Hand operated planer - assistance needed

Hi
Could you have a glance at the photos here : http://s134.photobucket.com/albums/q91/6105-8110/Planer%20Colour / and help me with the cross feed mechanism. There's a component
mounted on the bed-cranking spindle (I have no idea of its real name) which strikes a 'stop' screwed in a slot on the side of the bed. This component has two 'arms' - it can be rotated 180deg, because the base is designed to allow it to 'fall over' one way, but not the other. As it strikes the stop on the bed (or rather the stop strikes it) in one direction it actuates the cross feed. In the other direction it folds over and allows the stop to pass. Except that there's no spring to make it stand up again, so it just falls over. There are no obvious missing bits that I can see. It has to be free to work the other way round, too.
Can anyone see what I'm missing, either in the way of understanding or parts?
Cheers John
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snipped-for-privacy@bigfoot.com wrote:

Hi John
Is that a Tom Senior planer?
I've looked at the pictures and I think I understand how it works. Two thing occur to me. Is it possible that the return springs below the striker are meant to return the shaft sufficient vigorously to flick it upright? The other thing I wondered was whether there might be a cavity for a spring underneath the striker - at the corner near the pivot pin.
HTH
Russell
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snipped-for-privacy@bigfoot.com wrote:

and another thought - could there be a missing part at the other end of the table designed to lift it up.
Russell
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Hi That has to be a Tom Senior I have a link to photos of my Tom Senior shaper, http://community.webshots.com/user/mcole15
Mike
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Mike cole wrote:

Strange - that looks very similar to my TS shaper.
Russell
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Ah Russell I would say it's the spitting image, Mike
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Interesting. There is a certain family resemblance to the clapper box casting. There's no identifying marks anywhere on the planer. Have you seen a similar planer that you know to be a Tom Senior?
John
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snipped-for-privacy@bigfoot.com wrote:

I thought it was more than a family resemblance -it looks like it could even be the same casting.
There are some Tom Senior planers on this page and there are definitely other points of similarity.
http://www.lathes.co.uk/seniorshaperplaner/page2.html
Russell
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snipped-for-privacy@bigfoot.com Wrote:

If the bit you are describing is the T shape in picture 18 then I can make a suggestion. |The system is only designed to operate at the extreme of travel. That is, when the bed is at the end of the back stroke the stop strikes the T head in the locked direction, moves the pawl mechanism on the cross feed, never goes beyond the T striker and then starts the cutting stroke. The two springs return the T striker to the upright position
The Flop-over is a safety mechanism so that if you overrun the T on the back stroke the mechanism drops into neutral rather than trying to operate the cross feed during the cutting stroke with the usual disastrous results.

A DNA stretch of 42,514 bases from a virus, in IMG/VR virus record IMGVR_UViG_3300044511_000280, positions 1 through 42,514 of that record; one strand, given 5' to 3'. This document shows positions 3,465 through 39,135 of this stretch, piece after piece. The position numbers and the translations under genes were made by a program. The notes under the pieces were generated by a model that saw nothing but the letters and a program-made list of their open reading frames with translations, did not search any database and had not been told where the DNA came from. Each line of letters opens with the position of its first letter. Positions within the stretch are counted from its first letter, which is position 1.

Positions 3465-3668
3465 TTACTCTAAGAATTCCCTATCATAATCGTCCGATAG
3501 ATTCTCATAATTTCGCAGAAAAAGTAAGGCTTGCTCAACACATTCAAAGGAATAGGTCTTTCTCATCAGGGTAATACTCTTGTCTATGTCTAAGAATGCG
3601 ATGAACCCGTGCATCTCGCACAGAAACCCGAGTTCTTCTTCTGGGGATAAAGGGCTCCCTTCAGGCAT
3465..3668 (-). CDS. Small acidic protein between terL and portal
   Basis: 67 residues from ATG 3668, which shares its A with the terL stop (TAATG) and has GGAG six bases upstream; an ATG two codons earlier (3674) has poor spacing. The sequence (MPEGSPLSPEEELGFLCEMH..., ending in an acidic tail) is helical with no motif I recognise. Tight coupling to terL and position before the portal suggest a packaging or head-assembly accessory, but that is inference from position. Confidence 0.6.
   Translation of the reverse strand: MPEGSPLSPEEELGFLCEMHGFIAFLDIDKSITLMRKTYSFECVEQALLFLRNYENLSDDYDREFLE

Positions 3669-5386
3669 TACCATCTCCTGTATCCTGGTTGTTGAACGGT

Also so that you can easily operate the machine without any crossfeed if you are cutting a single tool wide slot.
So why the reversible handle?
I have No idea (unless there are times when you want the feed at the end of the cutting stroke when the tool is clear of the work?)
Your picture 18 looks as if the stop is the wrong side of the handle, the machine is at the end of the backstroke, the work is clear of the tool and it looks as if the next move is to begin the cutting stroke (but that could all be because you have just photographed the machine rather thna set it up.
Does that help?
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Hurrah! Solved it, I think. I had a look at the 'T' shaped component in photo 18 out in order to check a couple of points raised in replies; I couldn't remember how far it flipped over, and I wanted to check whether it had a countersink underneath for a spring. The answer to the first question is - it lies flat when it falls over; the second - no, there's no countersink. But, removing the component I looked more closely at the pivot. It can't be seen in the photo, because it's on the other side, but it's a screw. The odd thing is that the head of the screw is suspiciously elongated - you can see it protruding from the back. What you can't see is a very small (~1mm hole) cross drilled in it. Mmm. Looking at the front of the 'T' piece, there's a groove filed in it, and another 1mm hole, barely visible next to the groove. That set me thinking as to how a spring could go through the hole in the pivot, wrap around it a couple of times and then up and across in front of the groove. I've no piano wire to hand in that size, but a length of stainless TIG rod fit the hole and works for experimental purposes.
The adjustable stop is symmetrical, so the 'T' piece deflects both ways, but now one way it operates the cross feed, and the other way it just flicks over and stands up again. The planer cuts metal! Further messing around needed, and maybe I should sharpen the cutter since it's probably been 80(? 100?) years since it was used last, but it definitely cuts.
Cheers for the suggestions.
John
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